By means of introduction
The purpose of my teaching portfolio is, first, to present the teaching experience I have already acquired; second, to reflect on its methods and results; and third, to showcase what courses I would like to teach in the future.
Anyone who has thought knows that teaching involves a lot of learning from the part of the instructor as well. So I have listed both the courses I have recently taken in order to improve my propedeutic skills and some of the blogs I follow which discuss teaching in higher education.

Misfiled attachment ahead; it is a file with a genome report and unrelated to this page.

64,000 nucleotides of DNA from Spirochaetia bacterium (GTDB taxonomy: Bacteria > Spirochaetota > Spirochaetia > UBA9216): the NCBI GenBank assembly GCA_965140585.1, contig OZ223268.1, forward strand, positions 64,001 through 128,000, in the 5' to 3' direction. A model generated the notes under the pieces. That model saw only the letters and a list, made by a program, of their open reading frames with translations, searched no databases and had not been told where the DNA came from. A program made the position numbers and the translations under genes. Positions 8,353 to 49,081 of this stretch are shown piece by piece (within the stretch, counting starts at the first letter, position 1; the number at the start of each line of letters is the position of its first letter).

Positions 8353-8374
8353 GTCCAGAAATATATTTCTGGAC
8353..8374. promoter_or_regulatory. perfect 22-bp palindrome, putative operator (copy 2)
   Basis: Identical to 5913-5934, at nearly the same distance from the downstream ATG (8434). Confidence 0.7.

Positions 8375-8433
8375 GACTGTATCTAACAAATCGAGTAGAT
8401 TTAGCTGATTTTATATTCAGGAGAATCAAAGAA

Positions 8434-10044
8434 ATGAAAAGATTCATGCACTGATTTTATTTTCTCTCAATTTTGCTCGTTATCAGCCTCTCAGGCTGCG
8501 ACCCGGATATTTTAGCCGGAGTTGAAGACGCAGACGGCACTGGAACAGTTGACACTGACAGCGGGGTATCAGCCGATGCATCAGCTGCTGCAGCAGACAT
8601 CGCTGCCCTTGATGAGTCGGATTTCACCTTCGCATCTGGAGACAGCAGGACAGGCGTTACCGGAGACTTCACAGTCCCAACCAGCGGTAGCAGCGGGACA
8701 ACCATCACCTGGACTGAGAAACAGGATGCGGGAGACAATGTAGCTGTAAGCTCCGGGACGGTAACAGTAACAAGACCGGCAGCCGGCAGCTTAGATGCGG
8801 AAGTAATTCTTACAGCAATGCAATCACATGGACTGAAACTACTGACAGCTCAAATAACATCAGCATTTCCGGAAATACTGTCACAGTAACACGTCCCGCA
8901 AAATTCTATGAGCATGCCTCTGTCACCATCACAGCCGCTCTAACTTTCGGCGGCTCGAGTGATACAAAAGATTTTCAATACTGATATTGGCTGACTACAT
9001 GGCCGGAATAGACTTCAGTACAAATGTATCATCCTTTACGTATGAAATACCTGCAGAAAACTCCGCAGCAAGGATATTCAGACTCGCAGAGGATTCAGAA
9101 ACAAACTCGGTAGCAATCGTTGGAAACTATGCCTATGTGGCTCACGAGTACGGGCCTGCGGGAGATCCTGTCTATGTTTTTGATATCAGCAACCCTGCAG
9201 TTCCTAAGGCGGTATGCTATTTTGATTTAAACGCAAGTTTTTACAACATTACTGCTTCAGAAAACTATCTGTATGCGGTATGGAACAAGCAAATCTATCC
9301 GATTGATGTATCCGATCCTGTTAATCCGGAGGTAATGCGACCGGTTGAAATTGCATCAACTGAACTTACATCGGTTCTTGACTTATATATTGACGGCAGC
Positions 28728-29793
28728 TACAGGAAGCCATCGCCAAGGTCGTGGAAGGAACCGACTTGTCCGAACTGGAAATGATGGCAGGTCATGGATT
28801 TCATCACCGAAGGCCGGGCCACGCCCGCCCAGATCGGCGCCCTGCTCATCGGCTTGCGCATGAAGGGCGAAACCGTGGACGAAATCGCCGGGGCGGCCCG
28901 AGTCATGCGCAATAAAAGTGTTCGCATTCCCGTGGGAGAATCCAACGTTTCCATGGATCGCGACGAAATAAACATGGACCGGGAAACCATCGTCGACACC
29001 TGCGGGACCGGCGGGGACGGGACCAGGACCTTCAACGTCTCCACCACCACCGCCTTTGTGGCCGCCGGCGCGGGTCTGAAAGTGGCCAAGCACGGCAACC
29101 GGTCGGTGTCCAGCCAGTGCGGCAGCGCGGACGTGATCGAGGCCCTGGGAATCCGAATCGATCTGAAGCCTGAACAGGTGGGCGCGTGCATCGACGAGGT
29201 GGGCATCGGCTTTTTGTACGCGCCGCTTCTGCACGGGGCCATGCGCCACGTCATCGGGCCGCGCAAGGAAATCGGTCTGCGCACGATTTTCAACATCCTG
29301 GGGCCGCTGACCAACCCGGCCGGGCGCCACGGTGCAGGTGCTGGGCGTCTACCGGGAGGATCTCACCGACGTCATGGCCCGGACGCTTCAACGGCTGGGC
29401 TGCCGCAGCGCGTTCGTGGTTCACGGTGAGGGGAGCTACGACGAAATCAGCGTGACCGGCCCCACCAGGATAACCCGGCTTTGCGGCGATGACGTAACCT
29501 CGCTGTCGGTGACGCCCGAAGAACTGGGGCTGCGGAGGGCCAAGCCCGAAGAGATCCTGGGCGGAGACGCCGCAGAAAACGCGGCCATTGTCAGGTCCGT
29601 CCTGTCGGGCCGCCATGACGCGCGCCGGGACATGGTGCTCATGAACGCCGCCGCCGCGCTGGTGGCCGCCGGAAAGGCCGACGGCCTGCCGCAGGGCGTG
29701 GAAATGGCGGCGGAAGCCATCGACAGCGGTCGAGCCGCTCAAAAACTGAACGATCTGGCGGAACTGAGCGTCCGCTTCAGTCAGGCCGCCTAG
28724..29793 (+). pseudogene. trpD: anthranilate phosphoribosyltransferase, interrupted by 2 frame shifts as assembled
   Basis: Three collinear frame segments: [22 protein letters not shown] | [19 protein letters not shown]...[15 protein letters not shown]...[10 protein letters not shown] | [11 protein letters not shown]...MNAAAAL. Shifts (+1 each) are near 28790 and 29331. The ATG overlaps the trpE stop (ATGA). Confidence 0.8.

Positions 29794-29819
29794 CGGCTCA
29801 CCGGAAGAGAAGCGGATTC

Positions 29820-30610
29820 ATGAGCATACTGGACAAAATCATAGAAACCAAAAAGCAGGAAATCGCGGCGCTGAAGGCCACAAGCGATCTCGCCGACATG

My most recent preoccupation has been with the relevance of our disciplines, that is of all humanities. The ‘crisis of the humanities’ has been proclaimed by many a voice in the recent years and I am interested to examine and discuss whether this is the case indeed and by extension, what can we, the scholars, do about it. One strong tendency has been the turn towards digital humanities as an answer to the particular requirements of our age. Digital content and its presentation has nurtured and, in its turn induces, new ways of cognition, both in terms of learning and teaching. Despite its immense potential, however, the digital humanities perspective is not applicable to every type of research and should not be applied merely for its own sake. Thus, in order to explore further options for showcasing the relevance of the humanities, and of Byzantine studies in particular, I have started an online discussion where I can gather insights on the matter and I am working on new sample syllabus which focuses on those themes whithin my field that I find universally relevant and interesting for students of all tracks and motivations.